Campbell Soup's revenue in fiscal 2001 is likely to be flat with 1996 revenue, and earnings per share have not grown for over two years. Just two years ago the company was excited about its refocused business. What went wrong? Many things converged at once, including ineffective marketing, inferior new product tastes, and a society that can't slow down to change its eating habits.
The problems at Campbell are many, but management is pointing to marketing. Marketing missteps have not helped to combat the national decline in soup consumption. Takeaway (or off-the-shelf) soup sales fell 9% year-over-year in the three months ended in April, and dropped 3% in the quarter ended in mid-June. And this trend is not expected to reverse soon. Campbell's fiscal 2001 (which began this month) is expected to show negative earnings growth for at least the first two quarters, and flat growth for the year.
More than two years ago, Campbell spun off Vlasic Foods (NYSE: VL) at $18 per share. Vlasic is now a one-dollar stock, so investors are in a pickle. (Yes, that was bad.) We started to buy Campbell when the spin-off was complete based on the promise that a focused product portfolio (of all top brands) at Campbell would grow earnings per share 12% to 16% annually. That was management's guidance.
What went wrong since 1998?
First, we agree that Campbell's marketing campaign has been benign. It did not boost soup sales. Second, changing soup label designs (as Campbell did last year after several decades) was unnecessary and probably did not win any hearts -- if anything, this may have broken a certain connection with the company that many consumers may have felt since childhood. Third, many of the new soup recipes don't taste as good as the old ones.
Fourth, many people believe that society is continuing to eat more and more convenient, or faster, foods. This is why Campbell is entering the "ready-to-eat" soup market, where it has had sales growth. However, ready-to-eat soup is a difficult business. When you eat soup, you basically need to be sitting still for 15 minutes. This may be too much to ask of a working person on a daily basis, and habits form through daily reoccurrence.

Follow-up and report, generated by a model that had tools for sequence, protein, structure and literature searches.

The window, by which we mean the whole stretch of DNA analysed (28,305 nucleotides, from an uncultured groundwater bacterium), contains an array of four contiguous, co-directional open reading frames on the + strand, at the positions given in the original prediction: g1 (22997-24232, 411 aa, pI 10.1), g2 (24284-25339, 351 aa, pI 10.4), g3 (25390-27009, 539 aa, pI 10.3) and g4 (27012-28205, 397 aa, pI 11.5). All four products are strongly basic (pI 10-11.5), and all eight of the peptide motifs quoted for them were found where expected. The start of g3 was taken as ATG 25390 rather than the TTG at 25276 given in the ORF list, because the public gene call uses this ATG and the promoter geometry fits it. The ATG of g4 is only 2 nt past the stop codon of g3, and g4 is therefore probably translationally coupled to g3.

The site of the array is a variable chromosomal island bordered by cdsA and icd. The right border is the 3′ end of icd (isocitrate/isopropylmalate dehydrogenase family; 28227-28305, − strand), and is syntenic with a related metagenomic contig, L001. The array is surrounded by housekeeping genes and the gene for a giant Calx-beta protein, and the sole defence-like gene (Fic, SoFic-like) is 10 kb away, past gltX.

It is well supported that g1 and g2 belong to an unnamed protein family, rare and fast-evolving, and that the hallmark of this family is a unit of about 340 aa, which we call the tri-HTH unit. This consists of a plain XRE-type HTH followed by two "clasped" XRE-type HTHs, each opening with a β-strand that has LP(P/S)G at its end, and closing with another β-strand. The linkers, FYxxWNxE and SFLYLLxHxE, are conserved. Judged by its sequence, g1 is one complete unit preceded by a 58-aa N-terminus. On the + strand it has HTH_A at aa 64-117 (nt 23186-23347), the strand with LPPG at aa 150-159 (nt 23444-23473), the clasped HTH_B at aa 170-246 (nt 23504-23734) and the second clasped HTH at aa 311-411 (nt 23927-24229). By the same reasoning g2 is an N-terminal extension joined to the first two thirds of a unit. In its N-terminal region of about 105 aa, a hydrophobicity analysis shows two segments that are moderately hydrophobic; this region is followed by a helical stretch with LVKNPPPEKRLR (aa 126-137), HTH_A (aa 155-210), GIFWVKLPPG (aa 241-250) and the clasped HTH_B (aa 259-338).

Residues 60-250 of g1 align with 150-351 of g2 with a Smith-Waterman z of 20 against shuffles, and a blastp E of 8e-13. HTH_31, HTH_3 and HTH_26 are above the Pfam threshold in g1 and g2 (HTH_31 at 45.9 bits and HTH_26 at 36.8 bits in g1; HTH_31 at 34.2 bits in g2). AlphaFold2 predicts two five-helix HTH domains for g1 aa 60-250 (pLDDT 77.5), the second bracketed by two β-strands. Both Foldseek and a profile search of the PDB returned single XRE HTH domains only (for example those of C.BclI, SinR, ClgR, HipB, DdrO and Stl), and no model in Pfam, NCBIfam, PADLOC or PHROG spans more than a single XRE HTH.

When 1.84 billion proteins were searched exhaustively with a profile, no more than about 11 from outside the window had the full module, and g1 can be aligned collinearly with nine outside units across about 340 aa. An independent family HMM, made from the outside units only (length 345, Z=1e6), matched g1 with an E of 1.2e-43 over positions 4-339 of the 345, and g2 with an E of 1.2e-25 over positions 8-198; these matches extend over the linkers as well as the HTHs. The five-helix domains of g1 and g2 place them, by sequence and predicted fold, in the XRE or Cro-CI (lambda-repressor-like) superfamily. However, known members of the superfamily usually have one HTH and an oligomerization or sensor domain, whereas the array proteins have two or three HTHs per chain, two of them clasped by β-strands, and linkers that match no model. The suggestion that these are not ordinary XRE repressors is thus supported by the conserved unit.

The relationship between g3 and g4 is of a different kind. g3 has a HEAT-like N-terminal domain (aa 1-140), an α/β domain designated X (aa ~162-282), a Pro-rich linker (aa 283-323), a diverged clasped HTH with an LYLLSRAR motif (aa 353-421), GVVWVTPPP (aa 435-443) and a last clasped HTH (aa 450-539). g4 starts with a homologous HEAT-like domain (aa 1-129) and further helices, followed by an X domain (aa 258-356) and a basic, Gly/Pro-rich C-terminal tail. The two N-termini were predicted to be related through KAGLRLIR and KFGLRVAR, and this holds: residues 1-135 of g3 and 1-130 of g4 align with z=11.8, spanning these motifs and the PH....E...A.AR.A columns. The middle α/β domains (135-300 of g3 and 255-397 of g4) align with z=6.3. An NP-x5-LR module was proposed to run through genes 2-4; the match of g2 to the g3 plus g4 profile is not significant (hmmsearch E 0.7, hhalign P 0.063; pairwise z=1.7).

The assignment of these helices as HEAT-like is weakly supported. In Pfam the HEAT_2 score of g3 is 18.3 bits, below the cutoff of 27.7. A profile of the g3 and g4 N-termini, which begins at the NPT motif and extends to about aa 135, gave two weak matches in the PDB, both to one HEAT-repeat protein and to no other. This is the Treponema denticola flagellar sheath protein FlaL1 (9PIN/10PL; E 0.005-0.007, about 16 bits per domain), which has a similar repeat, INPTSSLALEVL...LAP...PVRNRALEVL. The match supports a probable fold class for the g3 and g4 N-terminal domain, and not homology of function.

How could we have avoided this?
Perhaps if we had studied past soup sales for the past decade more carefully and learned how difficult it is to grow sales volume year after year, we would have realized that management's goals in 1997 were going to be very difficult to achieve. Even had we concluded this, however, we would not have foreseen negative earnings growth for two years and counting, with three likely. We probably would have bought the stock anyway and merely hoped for results on the lower-end of the lofty expectations.
Campbell's valuation -- is it tasty?
At $26 per share, Campbell Soup trades at 14.7 times fiscal year 2001 earnings per share estimates. That puts Campbell's valuation on par with peers, even though the year's earnings growth is expected to be flat. Now the most that we can hope for from 2000 to 2005 is about 8% annualized earnings per share growth, and achieving that will require strong results from 2002 through 2005.
The dividend payout at this share price is 3.4%. However, more relevant to us is the payout on our investment cost basis, which is $53.97 per share (hard to believe, eh?). At that price, our dividend yield is 1.69% -- not much more than the 1.3% yield that you can get by buying PepsiCo (NYSE: PEP) or Johnson & Johnson (NYSE: JNJ) today. So, Drip Port shouldn't sit on Campbell for the 3.4% dividend yield. We're not getting that.
What will Drip Port do with Campbell?
We have never sold a stock from Drip Port, but (as we've always said) we will if a company fails us beyond repair, or appears very likely to do so, or (like all Fool ports) we believe that we have a much better place for the money. Also, since we can't Drip into Campbell without paying high fees, doesn't having the stock in this low-fee portfolio defeat the purpose anyway? So, we should only keep Campbell now if we believe that the stock we hold is a good value (better than others that we can find).
Next week we discuss how Campbell Soup can build value, and we'll try our best to answer the question: What's next for Drip Port and Campbell? After that, we move in a new direction. We will search for a company with considerably higher growth rates than J&J, Mellon (NYSE: MEL), and PepsiCo, and with strong 17-year prospects. Have a Foolish weekend!
Why Aren't You Eating Soup?, Drip Port, 05/19/00
Why You Aren't Eating Soup, Drip Port, 05/24/00
Campbell Soup Buy Report Collection, Drip Port